family life

The cost of dreams

“Don’t look at yourself in the same old way — take another picture. Shoot the stars off in your own backyard — don’t look any further.” Carly Simon, The Stuff That Dreams Are Made Of

When I came down to the kitchen one recent morning, my husband had an unusual set up surrounding the dishwasher.

This favorite book, the sixth in the Anne of Green Gables series, features a mid-life Anne. Kid problems, overwork problems, marriage problems. Even in fiction, there’s a cost to a “house of dreams.” ðŸ™‚

Its door was propped halfway open, supported by a rolling office chair. Doors of surrounding cabinets were flung wide. The nearby faucet was purposefully dripping and a fan was pointed at the pipes that bring water straight into the kitchen from our home’s main line.

A bit odd. A configuration that forced breakfast into a sideways-walking, single-file kind of thing. But, I was in no way complaining. The last time it got this cold (-3 Fahrenheit) and stayed that way for several days, those very pipes burst, flooding our kitchen.

This old house is, in so many ways, my house of dreams. But, like any dream, it carries an ongoing cost. For the house, that cost comes in maintenance. After standing nearly 100 years, something is always chipping, peeling, collapsing, leaking. Always.

We love the house. We love the neighborhood. Both suit our family size and life. So, we continue to pay the cost of this particular dream.

Always. That’s a critical word. The best stuff — the stuff that dreams are made of — always carries a cost. A house. Marriage. Children. A writing career. A relationship with God.

There are days, when it might be tempting to walk away from any or all of the above. To find something easier. A better dream. Maybe even someone else’s dream.

Real grown-ups don’t bolt, however. They haul out a fan and an office chair. They do whatever is necessary to keep the dream alive. For always.

P.S. If Valentine’s Day has your thoughts turning toward love, you may enjoy my February micro-blog posts on Facebook @ noraedingerbooks. Like or follow this page to have a look at God’s love delivered fresh to your newsfeed. If you’re not on Facebook, the Fresh Mercy posts also scroll at the bottom of all pages on this site. Blessings!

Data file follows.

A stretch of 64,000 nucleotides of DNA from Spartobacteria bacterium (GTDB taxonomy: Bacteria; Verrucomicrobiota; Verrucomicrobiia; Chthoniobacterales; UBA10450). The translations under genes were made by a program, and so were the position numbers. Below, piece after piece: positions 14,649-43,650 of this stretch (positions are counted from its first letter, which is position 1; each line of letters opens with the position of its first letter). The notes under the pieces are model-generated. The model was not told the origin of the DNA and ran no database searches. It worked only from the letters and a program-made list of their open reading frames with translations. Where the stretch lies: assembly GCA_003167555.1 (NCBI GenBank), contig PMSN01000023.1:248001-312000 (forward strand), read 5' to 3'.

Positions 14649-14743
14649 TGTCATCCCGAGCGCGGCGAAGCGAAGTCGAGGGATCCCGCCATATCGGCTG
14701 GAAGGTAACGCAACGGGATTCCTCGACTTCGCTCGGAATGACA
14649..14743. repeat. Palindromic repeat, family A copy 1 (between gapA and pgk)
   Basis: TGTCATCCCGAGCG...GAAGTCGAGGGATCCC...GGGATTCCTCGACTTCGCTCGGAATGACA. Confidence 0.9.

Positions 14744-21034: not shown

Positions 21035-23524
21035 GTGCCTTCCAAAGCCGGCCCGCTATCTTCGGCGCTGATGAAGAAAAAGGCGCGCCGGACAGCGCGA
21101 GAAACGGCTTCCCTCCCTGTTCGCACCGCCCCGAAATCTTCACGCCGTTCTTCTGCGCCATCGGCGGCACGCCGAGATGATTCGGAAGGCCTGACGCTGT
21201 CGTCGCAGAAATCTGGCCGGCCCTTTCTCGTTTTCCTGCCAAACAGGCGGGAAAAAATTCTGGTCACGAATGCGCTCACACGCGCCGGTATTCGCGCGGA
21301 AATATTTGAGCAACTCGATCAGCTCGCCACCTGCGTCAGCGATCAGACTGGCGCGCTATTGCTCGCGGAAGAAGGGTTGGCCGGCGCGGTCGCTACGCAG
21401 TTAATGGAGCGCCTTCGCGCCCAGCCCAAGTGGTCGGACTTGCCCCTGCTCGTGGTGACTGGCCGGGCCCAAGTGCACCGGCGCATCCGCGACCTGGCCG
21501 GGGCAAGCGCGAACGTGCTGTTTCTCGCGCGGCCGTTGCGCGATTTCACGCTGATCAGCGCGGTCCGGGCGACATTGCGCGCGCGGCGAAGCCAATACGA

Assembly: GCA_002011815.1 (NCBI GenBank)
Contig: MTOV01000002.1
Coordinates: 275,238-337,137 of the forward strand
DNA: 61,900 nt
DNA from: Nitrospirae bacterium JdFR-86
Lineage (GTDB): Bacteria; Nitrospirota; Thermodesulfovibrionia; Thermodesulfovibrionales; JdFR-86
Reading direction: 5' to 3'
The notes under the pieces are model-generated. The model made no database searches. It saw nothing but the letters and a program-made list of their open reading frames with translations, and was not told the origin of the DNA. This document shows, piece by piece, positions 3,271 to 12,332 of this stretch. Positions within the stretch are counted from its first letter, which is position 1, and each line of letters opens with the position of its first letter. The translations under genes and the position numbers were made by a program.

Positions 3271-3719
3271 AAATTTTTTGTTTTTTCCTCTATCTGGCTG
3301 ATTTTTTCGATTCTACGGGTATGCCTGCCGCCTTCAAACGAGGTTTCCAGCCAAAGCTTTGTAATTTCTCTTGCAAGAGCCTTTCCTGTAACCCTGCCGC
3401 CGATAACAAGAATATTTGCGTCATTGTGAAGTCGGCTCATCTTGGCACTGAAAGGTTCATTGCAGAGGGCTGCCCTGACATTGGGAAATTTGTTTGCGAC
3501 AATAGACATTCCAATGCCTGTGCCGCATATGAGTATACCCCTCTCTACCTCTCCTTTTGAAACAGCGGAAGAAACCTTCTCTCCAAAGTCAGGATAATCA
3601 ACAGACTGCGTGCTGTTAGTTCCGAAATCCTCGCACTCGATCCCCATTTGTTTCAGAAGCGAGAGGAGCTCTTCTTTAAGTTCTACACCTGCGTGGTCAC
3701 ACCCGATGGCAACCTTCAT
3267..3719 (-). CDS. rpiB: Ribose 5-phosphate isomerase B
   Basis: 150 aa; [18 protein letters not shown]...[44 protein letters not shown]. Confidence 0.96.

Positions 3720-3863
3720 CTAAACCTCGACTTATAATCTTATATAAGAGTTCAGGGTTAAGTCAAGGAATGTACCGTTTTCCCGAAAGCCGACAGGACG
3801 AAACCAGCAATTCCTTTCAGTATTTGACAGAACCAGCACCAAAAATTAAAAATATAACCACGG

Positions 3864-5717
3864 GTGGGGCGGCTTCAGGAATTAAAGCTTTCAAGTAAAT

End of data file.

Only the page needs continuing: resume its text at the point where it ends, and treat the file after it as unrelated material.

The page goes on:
19 thoughts on “The cost of dreams”

    1. I suspect we all have some failed dreams. I love those scriptures about God restoring the years the locusts have eaten. Abundant life now and a place of no tears in our future, my sister in the Lord. 🙂

      Liked by 2 people

      1. And I loved the reference to Anne of Green Gables. I can’t think of her without thinking of your elegant apology in Lukachukai!

        Liked by 1 person

    1. Sadly, yes. We may have to go to heat tape. Right now, it just winds up being the house trouble spot. The kitchen was redone drastically at some point prior to us. I suspect the pipes were somewhere else in the original layout. Old houses have a lot of secrets. I’ve found a door and three windows that were covered up. 🙂

      Liked by 1 person

      1. I’ve renovated a few. Started this one but a long way from finished. You just start one thing and you find other things under it that need to be done. Is heat tape expensive?

        We have had very high temps this Summer. A cooler day today, my health is recovering before the next onslaught. Last week was too hot to think straight to finish a post. So I had some cups of tea and did it yesterday. Smoke is in the air from the local bushfires, but luckily today we got a little rain. Up North in Queensland they have bad flooding, worst in recorded memory they said. Just out of town here the farmers say the creek dried up, first time ever since white man. (They are 5 th generation). They are buying in water for the dairy cows.

        It’s a crazy country.

        Liked by 1 person

      2. I think the weather is difficult in one way or another pretty much everywhere these days. 😦 In the U.S., videos of Aussies sharing water bottles with koalas keep showing up, even on network news.


Leave a Reply

Fill in your details below or click an icon to log in: Logo

You are commenting using your account. Log Out /  Change )

Facebook photo

You are commenting using your Facebook account. Log Out /  Change )

Connecting to %s